Vashti is essentially the prototypical disindividuated worker, and Kuro is the one who is trying to individuate himself through understanding his culture’s reliance on the Machine. His statement that ‘The Machine develops – but not on our lines. The Machine proceeds – but not to our goal’ is in essence a realisation of his own proletarianization at the hands of the Machine (or indeed the machine-tool Stiegler describes). Stiegler himself argues that ‘Proletarianization is that which excludes this participation of the producer from the evolution of the conditions of production’, in other words it is the machine that evolves, yet we are becoming more and more dissociated, unaware, and uncertain, of the direction in which it is evolving. The worker is no longer in control of technical evolution; he no longer decides how and why to use the Machine. Instead, it is the machine-tool that has become individuated; it is the Machine who has gained the ‘savoir-faire’ (knowledge of how to do’) which used to belong to the worker. The proletarian worker has, in turn, become merely a part of the ongoing technical evolutionary process.

As Stiegler states ‘In other words proletarianization is a process of losing knowledge’, and this is shown throughout the dialogue between Vashti and Kuro: Vashti has become scared of the knowledge that Kuro has discovered by putting himself outside of the reach of the Machine, the world outside the Machine is now a dangerous and fearful place, one that is becoming increasingly off limits to anyone under the Machines control. Yet again the parallels to modern society are evident, the more reliance we place on technology, the more we lose our knowledge, and thus lose our savoir-vivre, our way of living.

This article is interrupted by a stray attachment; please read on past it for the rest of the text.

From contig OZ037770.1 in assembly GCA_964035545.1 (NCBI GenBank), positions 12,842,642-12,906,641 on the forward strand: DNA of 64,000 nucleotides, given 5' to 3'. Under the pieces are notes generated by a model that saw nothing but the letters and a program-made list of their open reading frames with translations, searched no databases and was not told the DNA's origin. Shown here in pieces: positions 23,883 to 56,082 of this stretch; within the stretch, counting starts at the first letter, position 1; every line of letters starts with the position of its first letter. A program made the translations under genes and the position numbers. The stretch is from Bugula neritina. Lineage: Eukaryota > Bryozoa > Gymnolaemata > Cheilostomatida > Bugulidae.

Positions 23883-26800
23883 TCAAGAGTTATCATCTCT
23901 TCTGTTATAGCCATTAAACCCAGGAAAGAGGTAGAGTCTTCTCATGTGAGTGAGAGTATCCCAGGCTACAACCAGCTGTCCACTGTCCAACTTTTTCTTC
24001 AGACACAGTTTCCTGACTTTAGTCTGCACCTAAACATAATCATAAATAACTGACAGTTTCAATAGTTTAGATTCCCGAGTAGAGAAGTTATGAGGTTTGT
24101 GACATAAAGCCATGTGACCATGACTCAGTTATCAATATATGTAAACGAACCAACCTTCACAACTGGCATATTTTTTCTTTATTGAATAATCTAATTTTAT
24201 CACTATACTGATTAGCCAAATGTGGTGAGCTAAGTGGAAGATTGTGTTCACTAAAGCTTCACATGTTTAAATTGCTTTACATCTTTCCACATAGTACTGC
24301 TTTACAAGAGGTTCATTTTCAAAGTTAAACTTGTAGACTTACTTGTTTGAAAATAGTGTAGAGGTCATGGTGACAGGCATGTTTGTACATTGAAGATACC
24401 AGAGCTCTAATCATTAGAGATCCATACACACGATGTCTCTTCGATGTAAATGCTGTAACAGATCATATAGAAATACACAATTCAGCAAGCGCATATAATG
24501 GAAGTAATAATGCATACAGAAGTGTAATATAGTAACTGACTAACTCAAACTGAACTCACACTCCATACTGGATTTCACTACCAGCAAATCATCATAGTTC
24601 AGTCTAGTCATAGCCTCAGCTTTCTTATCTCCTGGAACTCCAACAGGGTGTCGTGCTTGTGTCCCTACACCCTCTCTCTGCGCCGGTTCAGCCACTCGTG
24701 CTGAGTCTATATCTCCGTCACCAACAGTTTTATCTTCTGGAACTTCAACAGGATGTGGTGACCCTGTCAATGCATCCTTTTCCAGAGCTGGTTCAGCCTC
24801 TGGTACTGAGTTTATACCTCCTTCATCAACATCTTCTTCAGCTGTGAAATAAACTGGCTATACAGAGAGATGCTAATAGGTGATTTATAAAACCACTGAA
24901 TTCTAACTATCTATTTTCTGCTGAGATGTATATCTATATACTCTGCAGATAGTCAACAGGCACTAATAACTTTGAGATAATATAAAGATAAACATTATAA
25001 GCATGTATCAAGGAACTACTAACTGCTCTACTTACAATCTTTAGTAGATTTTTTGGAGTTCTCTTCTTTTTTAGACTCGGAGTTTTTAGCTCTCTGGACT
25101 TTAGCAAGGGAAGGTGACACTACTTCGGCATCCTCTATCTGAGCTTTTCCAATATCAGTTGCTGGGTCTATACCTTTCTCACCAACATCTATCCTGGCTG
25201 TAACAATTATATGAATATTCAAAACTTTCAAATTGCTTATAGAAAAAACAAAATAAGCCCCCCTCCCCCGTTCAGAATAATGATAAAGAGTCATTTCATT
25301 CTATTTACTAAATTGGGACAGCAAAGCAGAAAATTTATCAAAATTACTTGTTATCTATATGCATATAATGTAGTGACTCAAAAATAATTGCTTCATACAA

What is interesting about this comparison is that we can see that Forster has essentially predicted a lot of the societal changes that are fundamental to Stiegler’s reworking of proletarianization almost one hundred years earlier. Forster’s The Machine Stops is a small book but is so prophetic and so densely packed with ideas that I would argue it is definitely valuable reading for anyone living in our modern, internet reliant, era.

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6 thoughts on “Proletarianization in E.M. Forster’s The Machine Stops

      • Only a little, back in my undergrad days. But I’ve looked at The Machine Stops as a dystopian text, and you’ve managed to succinctly capture why it’s so important to that tradition. Will have to read more Stiegler to gain a greater appreciation, I think.

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      • Thanks! Yeah definitely, it’s amazing to see how relevant Forster’s predictions are even to this day. Really made me look at the potential predictive powers of some modern SF/dystopian-fiction. It would be fascinating to see if there was a book around today that could pick up on some social issues facing societies 100 years from now.
        In regards to Stiegler, give ‘For A New Critique of Political Economy’ a read, it’s only 100 or so pages. Pretty dense terminology but brilliant little book nonetheless.